Verizon Business offers hosted IM for business users

Verizon Business announced a hosted instant messaging service Wednesday focused on the needs of business users that includes network security and reliability.

Verizon Business, a unit of Verizon Communications, was created in January out of Verizon's merger with MCI. The new Hosted Secure Instant Messaging Service builds on an e-mail service launched by MCI in April 2005, according to Rick Dyer, director of IT solutions product management at Verizon.

Dyer said IT managers need such a service to add security to instant messaging applications that users are increasingly demanding. Plus, a hosted service will reduce the headaches of administering IM, he said.

"IM is already in the enterprise, and IT managers know that if you shut off public IM, it will bring an outcry for those who have gotten used to it," Dyer said. "So we're trying to provide a service so that IM meets their corporate guidelines and prevents backdoor security holes."

The service has two options, and customers can have either or both. The services are available now in North America.

One option, Enterprise Instant Messaging, uses Microsoft Office Communicator 2005 software and encrypts IM chats between users. It also integrates with Microsoft Outlook to improve efficiency for users. Enterprise IM starts at US$5.95 per user per month, with a 25-user minimum, Dyer said.

The other option, Managed Public Instant Messaging, helps companies managed public IM systems such as MSN Messenger, Yahoo Messenger and AOL Instant Messenger. Administrators can determine which workers access specific IM networks, and security is enhanced with predictive threat-protection systems that include the blocking of "spim," or unsolicited chat messages from unknown users, Dyer said. Managed Public IM starts at US$3.50 per user per month, with a 25-user minimum.

Both options provide antivirus software, content filtering and session logging, giving users and administrators the ability to monitor chat streams or to access stored sessions, Dyer said.

Verizon said two large business customers have been successfully using the beta version of the service for nearly a year, but both declined to be interviewed.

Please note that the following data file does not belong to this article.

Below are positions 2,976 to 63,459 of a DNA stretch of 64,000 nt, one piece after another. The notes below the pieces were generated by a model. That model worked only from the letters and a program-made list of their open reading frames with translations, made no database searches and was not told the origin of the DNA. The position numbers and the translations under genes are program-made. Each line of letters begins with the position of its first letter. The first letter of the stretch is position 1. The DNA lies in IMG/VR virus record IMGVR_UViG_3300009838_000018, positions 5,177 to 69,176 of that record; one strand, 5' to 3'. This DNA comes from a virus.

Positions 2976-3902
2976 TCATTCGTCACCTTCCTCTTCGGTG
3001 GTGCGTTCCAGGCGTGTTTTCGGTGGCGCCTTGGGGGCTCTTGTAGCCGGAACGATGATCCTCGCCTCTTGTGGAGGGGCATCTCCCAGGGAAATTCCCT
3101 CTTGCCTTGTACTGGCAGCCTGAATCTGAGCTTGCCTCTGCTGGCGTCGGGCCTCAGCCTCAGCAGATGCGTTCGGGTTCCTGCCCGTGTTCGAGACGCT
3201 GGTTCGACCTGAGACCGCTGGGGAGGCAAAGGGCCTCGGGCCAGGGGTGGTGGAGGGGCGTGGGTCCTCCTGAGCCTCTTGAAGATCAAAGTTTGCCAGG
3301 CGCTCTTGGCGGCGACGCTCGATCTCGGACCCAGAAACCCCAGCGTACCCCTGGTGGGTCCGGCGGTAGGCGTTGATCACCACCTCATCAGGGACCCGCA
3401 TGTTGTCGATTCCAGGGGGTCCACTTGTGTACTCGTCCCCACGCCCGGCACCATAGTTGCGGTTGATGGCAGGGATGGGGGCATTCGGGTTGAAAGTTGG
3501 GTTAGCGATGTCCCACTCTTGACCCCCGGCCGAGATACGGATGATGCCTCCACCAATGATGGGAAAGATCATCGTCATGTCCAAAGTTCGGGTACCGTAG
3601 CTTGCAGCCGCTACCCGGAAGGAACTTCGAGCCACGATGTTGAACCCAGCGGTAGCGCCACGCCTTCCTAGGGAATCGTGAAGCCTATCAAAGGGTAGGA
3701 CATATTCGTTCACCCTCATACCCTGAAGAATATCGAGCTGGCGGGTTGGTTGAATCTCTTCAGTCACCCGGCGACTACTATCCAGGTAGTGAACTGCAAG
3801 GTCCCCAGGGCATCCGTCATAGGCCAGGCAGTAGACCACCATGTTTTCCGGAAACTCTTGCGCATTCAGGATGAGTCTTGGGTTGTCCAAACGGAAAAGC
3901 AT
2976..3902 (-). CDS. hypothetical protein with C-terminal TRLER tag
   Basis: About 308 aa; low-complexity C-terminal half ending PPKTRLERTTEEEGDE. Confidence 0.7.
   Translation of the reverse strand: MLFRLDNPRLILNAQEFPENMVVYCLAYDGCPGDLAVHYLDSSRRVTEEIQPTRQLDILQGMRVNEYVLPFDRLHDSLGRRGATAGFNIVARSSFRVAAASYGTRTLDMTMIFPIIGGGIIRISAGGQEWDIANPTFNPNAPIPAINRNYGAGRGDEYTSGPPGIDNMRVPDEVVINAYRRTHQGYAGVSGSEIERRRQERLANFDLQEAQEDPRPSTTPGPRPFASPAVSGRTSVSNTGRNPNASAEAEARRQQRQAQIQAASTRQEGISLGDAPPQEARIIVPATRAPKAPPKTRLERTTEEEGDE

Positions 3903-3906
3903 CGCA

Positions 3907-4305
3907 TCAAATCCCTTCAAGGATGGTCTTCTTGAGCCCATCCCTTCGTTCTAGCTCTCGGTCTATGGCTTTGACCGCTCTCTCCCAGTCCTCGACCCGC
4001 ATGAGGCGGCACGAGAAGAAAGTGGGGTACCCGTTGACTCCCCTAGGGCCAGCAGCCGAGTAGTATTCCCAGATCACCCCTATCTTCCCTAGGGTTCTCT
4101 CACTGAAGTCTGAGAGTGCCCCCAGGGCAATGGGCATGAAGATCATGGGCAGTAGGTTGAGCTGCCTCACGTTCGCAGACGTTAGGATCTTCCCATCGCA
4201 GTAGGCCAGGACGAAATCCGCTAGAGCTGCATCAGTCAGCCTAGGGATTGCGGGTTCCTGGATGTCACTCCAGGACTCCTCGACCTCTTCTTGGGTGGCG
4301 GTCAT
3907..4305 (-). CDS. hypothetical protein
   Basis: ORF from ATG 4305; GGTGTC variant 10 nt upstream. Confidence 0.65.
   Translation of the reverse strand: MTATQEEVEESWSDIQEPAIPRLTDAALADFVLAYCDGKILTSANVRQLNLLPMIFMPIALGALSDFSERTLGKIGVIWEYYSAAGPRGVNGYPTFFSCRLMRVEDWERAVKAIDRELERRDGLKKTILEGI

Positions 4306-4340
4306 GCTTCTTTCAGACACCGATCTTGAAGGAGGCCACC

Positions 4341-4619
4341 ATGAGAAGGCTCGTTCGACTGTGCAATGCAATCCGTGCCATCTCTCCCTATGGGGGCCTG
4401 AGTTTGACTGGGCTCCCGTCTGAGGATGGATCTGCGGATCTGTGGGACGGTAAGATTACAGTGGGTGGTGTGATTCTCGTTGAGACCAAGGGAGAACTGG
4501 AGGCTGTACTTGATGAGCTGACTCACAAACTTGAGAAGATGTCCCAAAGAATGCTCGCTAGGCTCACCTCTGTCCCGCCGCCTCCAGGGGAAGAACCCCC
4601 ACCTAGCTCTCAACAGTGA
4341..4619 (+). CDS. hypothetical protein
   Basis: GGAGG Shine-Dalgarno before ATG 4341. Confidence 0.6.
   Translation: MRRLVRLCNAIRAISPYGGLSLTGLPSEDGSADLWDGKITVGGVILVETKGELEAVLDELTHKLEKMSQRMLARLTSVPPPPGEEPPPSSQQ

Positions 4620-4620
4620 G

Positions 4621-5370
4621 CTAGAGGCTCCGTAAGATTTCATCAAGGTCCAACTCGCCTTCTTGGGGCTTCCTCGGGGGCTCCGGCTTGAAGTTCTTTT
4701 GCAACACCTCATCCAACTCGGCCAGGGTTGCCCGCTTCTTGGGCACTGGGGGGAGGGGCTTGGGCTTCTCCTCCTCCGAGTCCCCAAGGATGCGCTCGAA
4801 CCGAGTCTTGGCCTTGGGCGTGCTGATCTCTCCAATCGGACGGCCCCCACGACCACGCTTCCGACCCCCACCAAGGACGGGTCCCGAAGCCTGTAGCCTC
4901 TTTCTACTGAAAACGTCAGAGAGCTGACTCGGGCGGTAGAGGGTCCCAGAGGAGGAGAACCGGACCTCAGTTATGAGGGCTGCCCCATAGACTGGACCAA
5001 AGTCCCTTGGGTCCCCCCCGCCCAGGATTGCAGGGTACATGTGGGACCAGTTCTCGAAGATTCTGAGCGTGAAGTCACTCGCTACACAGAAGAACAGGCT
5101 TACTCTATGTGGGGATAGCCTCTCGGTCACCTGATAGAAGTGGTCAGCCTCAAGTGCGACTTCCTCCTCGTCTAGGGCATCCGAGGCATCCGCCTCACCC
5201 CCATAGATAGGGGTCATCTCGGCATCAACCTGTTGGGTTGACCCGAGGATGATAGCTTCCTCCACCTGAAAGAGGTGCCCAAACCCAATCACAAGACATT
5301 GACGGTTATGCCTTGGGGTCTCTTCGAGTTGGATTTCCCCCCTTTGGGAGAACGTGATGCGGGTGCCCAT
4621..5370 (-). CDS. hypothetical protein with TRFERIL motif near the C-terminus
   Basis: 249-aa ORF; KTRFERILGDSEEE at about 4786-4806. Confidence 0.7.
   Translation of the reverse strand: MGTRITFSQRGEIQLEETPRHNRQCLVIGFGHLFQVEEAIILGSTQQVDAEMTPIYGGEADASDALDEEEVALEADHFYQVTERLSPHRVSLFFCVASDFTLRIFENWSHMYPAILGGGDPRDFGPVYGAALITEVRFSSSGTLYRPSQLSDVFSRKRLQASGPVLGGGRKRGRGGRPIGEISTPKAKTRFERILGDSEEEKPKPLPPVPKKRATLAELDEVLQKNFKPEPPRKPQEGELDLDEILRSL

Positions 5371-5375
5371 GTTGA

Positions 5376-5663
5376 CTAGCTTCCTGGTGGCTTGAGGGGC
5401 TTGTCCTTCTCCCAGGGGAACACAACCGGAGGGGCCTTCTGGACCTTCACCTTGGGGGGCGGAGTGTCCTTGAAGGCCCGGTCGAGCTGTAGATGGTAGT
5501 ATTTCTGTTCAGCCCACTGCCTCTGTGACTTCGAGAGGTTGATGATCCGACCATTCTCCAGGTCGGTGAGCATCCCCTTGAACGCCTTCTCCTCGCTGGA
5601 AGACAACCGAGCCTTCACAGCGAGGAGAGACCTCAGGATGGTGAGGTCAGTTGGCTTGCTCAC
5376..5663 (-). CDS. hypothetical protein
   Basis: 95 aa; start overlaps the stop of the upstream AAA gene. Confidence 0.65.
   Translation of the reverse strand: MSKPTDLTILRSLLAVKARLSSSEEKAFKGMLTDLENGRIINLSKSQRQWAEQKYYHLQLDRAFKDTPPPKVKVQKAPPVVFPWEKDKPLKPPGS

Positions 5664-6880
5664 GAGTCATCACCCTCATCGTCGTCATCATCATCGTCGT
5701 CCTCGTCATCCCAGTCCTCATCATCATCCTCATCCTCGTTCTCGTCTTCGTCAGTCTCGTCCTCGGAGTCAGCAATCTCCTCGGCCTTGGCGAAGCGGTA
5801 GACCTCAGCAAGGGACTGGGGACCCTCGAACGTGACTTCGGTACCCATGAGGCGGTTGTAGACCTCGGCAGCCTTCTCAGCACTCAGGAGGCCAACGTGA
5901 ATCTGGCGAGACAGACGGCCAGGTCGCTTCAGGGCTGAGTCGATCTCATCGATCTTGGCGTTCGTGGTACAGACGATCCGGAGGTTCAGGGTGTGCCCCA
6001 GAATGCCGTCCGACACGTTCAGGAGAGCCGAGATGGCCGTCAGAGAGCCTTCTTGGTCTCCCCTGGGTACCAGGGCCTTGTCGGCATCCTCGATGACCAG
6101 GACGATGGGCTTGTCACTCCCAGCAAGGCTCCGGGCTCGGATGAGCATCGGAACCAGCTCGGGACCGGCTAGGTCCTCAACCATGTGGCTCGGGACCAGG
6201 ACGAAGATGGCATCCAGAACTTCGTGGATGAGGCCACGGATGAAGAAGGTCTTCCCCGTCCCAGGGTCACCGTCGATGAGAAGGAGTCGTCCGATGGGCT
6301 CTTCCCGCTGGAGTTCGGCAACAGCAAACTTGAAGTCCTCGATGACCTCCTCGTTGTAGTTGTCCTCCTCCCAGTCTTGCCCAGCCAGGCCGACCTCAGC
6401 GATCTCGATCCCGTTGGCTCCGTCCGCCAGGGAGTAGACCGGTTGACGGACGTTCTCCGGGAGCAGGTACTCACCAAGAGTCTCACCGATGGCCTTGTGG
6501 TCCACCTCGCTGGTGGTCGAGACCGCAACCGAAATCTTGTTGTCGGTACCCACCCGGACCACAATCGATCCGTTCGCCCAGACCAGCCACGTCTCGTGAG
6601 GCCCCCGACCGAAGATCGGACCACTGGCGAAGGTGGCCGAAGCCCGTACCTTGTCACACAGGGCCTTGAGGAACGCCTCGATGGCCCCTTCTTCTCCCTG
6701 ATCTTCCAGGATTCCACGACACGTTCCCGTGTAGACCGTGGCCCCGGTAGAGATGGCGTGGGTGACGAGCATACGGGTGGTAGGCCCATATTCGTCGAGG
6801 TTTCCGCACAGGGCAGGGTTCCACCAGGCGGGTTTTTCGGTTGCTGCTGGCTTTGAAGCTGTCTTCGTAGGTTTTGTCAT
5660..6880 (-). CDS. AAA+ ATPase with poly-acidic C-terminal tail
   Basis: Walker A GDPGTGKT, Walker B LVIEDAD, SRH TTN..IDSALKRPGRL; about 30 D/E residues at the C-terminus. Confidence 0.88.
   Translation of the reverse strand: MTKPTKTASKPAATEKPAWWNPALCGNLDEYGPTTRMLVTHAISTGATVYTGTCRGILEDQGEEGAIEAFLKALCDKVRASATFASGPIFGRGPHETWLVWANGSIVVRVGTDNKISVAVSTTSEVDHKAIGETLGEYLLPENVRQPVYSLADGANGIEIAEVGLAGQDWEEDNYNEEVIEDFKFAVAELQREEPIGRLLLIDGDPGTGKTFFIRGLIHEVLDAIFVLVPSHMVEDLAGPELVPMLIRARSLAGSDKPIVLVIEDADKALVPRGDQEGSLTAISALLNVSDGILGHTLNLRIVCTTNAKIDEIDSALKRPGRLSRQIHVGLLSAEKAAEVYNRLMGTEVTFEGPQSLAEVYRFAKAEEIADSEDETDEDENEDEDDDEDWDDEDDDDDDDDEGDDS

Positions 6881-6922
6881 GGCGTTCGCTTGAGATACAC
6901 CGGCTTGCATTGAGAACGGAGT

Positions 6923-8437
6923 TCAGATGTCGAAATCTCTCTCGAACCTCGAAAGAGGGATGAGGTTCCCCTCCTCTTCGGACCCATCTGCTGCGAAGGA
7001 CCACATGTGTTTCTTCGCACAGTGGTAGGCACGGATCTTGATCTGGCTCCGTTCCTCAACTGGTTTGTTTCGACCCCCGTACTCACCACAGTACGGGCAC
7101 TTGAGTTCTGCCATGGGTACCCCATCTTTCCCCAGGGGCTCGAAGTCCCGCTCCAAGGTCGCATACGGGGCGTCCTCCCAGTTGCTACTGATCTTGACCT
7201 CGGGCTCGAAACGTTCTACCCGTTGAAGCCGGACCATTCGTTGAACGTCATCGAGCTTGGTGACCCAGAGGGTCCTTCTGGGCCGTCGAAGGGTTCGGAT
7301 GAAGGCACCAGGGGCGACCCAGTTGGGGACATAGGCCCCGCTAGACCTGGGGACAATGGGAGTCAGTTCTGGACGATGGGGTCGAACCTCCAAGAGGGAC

John Wade, CIO at Saint Luke's Health System in Kansas City, Mo., said the Verizon service sounds "positive," depending on the actual costs and whether it could be maintained securely. "I'd give it a try," he said. "Whether it remained in place long term ... would depend on the business metrics."

Wade said Saint Luke's "is still struggling with the IM issue. We have a corporate philosophy that IM really isn't needed, but I'm trying to balance this with some individuals' needs for IM."

Dyer said he knows of no other carriers that offer a similarly integrated IM and e-mail service that provides security for public and internal IM. However, John O'Keefe, an analyst at Current Analysis in Sterling, Va., said AT&T Inc. has taken the lead with its Managed Instant Messaging. "Verizon is a bit late to the game with this IM service," O'Keefe said.

Still, demand for the two services will "really resonate amongst Verizon Business target markets," O'Keefe said. Greater need for security with IM and for less complexity with a hosted technology will drive customers to such services in greater numbers, he said.

"Instant messaging has been around among enterprises for a couple of years, and the proliferation of attacks coming from this communication is growing," O'Keefe said. "Clients are demanding greater internal control of [IM], and many need to outsource to provide the controls associated with a hosted IM solution." The Verizon services have several user-friendly features, including integrated security, he added.

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